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Tell Your Story: Financial Aid Administrators Convene for the NASFAA 2024 Conference in Milwaukee

By Hugh T. Ferguson, NASFAA Managing Editor

The NASFAA National Conference is back after a year like no other.

In a year where FAFSA simplification has brought about innumerable challenges to all those in the profession, attendees learned firsthand that their lived experiences and expertise should serve as a guide to telling their own stories from the front lines of college access.

With over 2,400 financial aid professionals registered for this year’s annual conference in Milwaukee, NASFAA members were able to connect and learn more about the ways in which personal narratives can inform your mission.

A timely pre-conference session delved into the college pipeline for K-12 students, and the ways in which a commitment to diversity and equity programs can prepare first-generation and prospective students, from varying backgrounds, to access and thrive in postsecondary education.

Dr. Jennifer Norrell, superintendent for East Aurora School District 131, provided attendees with a detailed presentation of how the district she oversees implemented equity through action, and how her educators have developed partnerships with the higher education community to ensure that conversations over college readiness occur as early as possible for students.

Norrell recognized that not all students will, or should, go to college, but she strives to ensure that the decision is ultimately made by students and their families.

“We have an obligation to prepare every child to have the ability to turn [higher education] down,” Norrell said.

The session was packed with financial aid professionals who gathered to hear Norrell’s remarks on narrowing the educational bridge between elementary and high school students to postsecondary education.Through this connection, Norrell said her priority was to help students realize that a higher education is both achievable and accessible.

During her remarks, Norrell also highlighted six determining factors for successful enrollment and completion in higher education. Three factors occur in the K-12 sphere: academic preparation for college; high school counseling support for college; and the pathway to and through college. In the higher education space those remaining three factors include understanding financing higher education; the importance and role of family; and navigating the post-college landscape.

In order to bolster their graduation rates Norrell prioritized early college access. Specifically, she found ways to restructure grants to acquire resources that promote conversations about higher education starting as early as sixth grade where students can engage in STEM courses and have the ability to visit college campuses. Those grants can also be used to cover logistical hurdles like transportation costs and other barriers to engaging sitting in a college seat before beginning a post secondary education.

Later in the afternoon, the conference formally kicked off with NASFAA President and CEO Justin Draeger riding in on a Harley-Davidson to address attendees for the final time after his 14-year tenure.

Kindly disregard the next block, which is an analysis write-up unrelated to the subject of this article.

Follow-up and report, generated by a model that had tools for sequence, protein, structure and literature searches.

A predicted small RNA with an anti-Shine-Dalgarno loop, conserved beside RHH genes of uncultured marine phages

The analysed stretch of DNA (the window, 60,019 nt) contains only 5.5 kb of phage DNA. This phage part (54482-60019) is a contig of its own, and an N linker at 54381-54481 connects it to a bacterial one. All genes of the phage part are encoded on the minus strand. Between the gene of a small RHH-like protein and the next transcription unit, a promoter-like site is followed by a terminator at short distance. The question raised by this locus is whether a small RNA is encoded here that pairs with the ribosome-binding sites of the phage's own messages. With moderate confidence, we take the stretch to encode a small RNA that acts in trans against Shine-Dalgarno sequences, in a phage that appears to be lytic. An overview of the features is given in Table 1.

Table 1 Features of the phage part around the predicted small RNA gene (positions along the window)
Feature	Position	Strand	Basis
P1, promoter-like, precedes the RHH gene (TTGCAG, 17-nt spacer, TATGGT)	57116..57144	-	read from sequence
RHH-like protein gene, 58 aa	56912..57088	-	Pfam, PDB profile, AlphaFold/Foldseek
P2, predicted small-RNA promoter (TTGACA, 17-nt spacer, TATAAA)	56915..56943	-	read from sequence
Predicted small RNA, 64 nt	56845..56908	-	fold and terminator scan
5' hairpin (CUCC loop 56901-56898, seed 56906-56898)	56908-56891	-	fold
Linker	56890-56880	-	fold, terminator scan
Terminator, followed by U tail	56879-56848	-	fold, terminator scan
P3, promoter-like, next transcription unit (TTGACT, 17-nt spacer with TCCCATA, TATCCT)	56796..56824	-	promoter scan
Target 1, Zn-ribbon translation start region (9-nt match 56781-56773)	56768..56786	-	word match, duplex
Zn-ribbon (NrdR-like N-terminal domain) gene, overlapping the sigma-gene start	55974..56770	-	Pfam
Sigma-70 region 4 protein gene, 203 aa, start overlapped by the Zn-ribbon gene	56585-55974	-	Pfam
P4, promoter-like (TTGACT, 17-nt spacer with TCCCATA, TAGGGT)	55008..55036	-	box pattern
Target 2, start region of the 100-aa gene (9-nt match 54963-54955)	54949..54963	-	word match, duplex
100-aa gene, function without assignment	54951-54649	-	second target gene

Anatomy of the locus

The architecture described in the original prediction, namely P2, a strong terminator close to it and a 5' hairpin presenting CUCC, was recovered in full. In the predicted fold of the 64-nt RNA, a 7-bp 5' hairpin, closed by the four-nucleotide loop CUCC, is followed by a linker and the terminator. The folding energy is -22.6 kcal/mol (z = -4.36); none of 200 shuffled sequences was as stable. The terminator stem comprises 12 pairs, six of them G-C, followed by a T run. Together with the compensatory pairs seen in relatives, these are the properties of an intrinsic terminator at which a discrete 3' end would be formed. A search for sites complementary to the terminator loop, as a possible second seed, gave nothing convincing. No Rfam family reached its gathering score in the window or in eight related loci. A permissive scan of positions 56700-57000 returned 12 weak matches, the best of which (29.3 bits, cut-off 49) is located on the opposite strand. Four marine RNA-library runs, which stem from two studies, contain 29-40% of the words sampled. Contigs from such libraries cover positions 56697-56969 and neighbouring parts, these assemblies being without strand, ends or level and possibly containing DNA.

During his remarks, Draeger touched on the challenges of not just the past year, but also recurrent challenges to the profession stemming from the back-and-forth of gainful employment (GE) regulations, staffing shortages, the pandemic, and most notably FAFSA simplification and how those in the profession have always risen to the challenge of meeting the moment. 

While reflecting on his career at NASFAA, Draeger encouraged all those in the profession to take time to find their own zen so that they can take care of themselves and further the mission of promoting access to higher education.

The opening session then turned to Maria Hinojosa, an Emmy- and Pulitzer Prize-winning journalist, who kicked things off with a personal speech that dug into her storied career, detailed how journalism has connected her to various communities, and centered on the importance of using one’s own experience to tell your own story.

Hinojosa went on to explain that the dynamic of change is everywhere and that she approaches news from a perspective that rejects living in a place of fear.

For immigrant communities, Hinojosa explained how challenging the current landscape has been to communities trying to navigate their place in higher education and reiterated remarks from Education Secretary Miguel Cardona that “being bilingual is a superpower” and is something to be celebrated.

One particular issue on the 2024-25 FAFSA form has been issues preventing submission when a contributor does not have a Social Security number (SSN), which has caused particular harm for vulnerable communities.

Hinojosa’s speech then turned to recognizing that financial aid professionals are on the front lines of higher education access and that those in the profession should use their roles to help put students at the forefront.

“Why do you do what you do? I know that you do this because of mission,” Hinojosa said. “Your mission is not only the work that you do. Your mission is to affirm your students and families for who they are. And for you to affirm the work you do.”


Publication Date: 6/16/2024

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